- Maize grain prices continue to be below average in most surplus-producing areas. Demand on informal markets continues to be low as most households consume own-produced crop. The low and below-average seasonal prices are unattractive and some farmers who are not delivering to the GMB are withholding their grain from the markets.
- However, in some traditional grain deficit areas in the south and north, demand for maize is reported to be gradually increasing as own-produced stocks for some households become limited. Prices in some areas are also relatively high, (e.g. up to $0.46/kg USD $8/17.5 kg bucket) as traders bring in grain from distant markets.
Most assumptions discussed in the FEWS NET Zimbabwe Food Security Outlook June 2017 - January 2018 are still valid.
Between August and September, In the typical cereal-deficit southern and marginal areas in the north some areas that realized high production will experience Minimal (IPC Phase 1) food security outcomes. However, most of the areas will experience Stressed (IPC Phase 2) outcomes. This will be because whereas poor households will manage to meet their minimum food needs from own-produced stocks, they will experience significant livelihoods protection deficits when trying to meet their household needs including costs associated with education, health, and agricultural inputs. From October through January, Minimum (IPC Phase 1) food security outcomes are expected to persist in most traditional cereal-surplus northern and other high-producing areas from October through January due to availability the of own produced stocks. For the southern and marginal northern areas, some poor households will begin to have limited own-produced stocks and will increase coping mechanisms to meet their minimal food needs. As a result, Stressed (IPC Phase 2) outcomes are expected. In some areas, poor households would have completely exhausted own-produced stock during the outlook period. At the same time, they will experience constrained livelihood options (on-farm and off-farm labor, self-employment, remittances, petty trading etc.). With poor households expected to resort to market purchases and other sources of food, food gaps are expected. Even the forecasted normal start and average rains for the 2017-18 rainfall season will not significantly improve incomes due to expected economic and liquidity challenges. Some of the middle and better-off households who will still have surplus grain may be unwilling to dispose towards in-kind labor payments due to uncertainties over the next cropping season. Most households will resort to negative coping mechanisms, including distress sale of assets. As a result, Crisis (IPC Phase 3) food security outcomes are expected in some areas during this period, requiring humanitarian assistance.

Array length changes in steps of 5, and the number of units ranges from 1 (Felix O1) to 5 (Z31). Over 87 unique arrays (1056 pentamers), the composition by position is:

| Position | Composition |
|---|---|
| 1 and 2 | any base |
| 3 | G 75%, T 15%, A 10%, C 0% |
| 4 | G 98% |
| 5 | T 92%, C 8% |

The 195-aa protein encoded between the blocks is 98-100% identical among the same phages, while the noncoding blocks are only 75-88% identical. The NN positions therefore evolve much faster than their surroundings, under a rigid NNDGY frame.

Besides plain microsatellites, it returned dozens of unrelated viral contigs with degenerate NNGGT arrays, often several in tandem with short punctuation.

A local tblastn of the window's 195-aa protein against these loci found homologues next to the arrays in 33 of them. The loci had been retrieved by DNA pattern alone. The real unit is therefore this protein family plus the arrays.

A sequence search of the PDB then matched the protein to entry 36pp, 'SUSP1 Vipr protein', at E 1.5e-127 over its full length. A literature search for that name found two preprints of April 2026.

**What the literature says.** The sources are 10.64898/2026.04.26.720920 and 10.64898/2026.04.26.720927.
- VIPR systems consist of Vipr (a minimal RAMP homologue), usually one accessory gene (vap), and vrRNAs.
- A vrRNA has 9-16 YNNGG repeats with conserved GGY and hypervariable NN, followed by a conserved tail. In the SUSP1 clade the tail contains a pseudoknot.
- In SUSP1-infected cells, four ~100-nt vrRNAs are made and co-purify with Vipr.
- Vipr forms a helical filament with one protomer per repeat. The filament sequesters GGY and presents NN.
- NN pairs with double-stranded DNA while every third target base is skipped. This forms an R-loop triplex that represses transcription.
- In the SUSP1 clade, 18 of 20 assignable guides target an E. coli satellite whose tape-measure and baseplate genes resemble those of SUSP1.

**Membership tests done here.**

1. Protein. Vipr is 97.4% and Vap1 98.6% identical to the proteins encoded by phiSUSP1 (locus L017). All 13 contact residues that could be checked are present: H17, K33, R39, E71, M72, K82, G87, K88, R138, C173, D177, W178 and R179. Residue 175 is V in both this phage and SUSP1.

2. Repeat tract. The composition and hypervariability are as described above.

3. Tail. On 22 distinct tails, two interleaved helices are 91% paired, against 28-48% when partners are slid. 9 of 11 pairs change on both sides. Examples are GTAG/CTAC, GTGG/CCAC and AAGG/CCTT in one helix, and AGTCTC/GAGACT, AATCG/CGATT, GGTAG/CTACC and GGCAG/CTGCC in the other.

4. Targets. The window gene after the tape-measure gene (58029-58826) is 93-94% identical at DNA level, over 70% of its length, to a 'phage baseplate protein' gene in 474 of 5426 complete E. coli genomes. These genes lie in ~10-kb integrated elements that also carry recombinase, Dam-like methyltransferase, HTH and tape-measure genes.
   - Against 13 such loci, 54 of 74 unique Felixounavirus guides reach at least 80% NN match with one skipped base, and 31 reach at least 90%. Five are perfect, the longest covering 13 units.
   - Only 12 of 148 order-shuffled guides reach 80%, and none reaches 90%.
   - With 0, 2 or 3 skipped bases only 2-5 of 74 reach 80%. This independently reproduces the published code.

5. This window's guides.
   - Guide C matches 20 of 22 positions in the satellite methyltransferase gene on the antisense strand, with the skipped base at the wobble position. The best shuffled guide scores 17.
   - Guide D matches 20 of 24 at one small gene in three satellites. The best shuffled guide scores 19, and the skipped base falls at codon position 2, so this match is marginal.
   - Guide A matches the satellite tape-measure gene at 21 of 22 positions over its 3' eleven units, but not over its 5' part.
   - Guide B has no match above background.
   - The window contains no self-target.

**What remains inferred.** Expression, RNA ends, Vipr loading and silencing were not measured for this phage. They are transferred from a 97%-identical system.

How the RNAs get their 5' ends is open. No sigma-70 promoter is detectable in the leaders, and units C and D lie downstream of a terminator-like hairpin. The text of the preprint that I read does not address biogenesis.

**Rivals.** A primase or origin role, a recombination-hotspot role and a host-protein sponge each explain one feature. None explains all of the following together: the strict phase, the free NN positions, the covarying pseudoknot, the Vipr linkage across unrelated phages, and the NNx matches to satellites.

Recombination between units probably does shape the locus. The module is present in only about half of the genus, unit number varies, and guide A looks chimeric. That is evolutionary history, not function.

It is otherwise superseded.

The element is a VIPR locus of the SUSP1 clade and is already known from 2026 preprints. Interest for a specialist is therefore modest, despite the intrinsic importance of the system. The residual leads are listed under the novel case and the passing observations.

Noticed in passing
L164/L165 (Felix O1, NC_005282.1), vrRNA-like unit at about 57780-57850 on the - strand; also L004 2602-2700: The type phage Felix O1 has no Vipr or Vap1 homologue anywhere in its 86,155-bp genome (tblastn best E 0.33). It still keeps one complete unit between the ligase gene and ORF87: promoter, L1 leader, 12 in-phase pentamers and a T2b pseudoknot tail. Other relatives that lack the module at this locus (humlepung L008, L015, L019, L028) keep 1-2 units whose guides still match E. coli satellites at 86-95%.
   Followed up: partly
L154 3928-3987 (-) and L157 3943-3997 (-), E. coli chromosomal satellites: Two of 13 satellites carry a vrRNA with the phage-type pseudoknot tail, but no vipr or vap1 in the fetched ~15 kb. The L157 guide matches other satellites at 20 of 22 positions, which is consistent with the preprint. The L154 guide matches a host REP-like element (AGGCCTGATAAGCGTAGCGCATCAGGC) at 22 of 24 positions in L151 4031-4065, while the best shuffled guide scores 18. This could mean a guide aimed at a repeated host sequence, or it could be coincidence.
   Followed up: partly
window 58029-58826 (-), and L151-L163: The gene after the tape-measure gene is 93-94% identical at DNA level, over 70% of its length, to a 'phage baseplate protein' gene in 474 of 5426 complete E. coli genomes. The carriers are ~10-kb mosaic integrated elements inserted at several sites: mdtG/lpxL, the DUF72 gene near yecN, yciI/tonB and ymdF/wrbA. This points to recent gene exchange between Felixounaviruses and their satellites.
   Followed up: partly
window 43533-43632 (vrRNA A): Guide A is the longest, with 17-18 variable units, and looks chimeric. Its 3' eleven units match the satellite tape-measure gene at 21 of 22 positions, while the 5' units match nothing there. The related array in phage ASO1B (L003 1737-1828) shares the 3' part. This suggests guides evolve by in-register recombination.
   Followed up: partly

SEASONAL CALENDAR FOR A TYPICAL YEAR
Source: FEWS NET
This monthly report covers current conditions as well as changes to the projected outlook for food insecurity in this country. It updates FEWS NET’s quarterly Food Security Outlook. Learn more about our work here.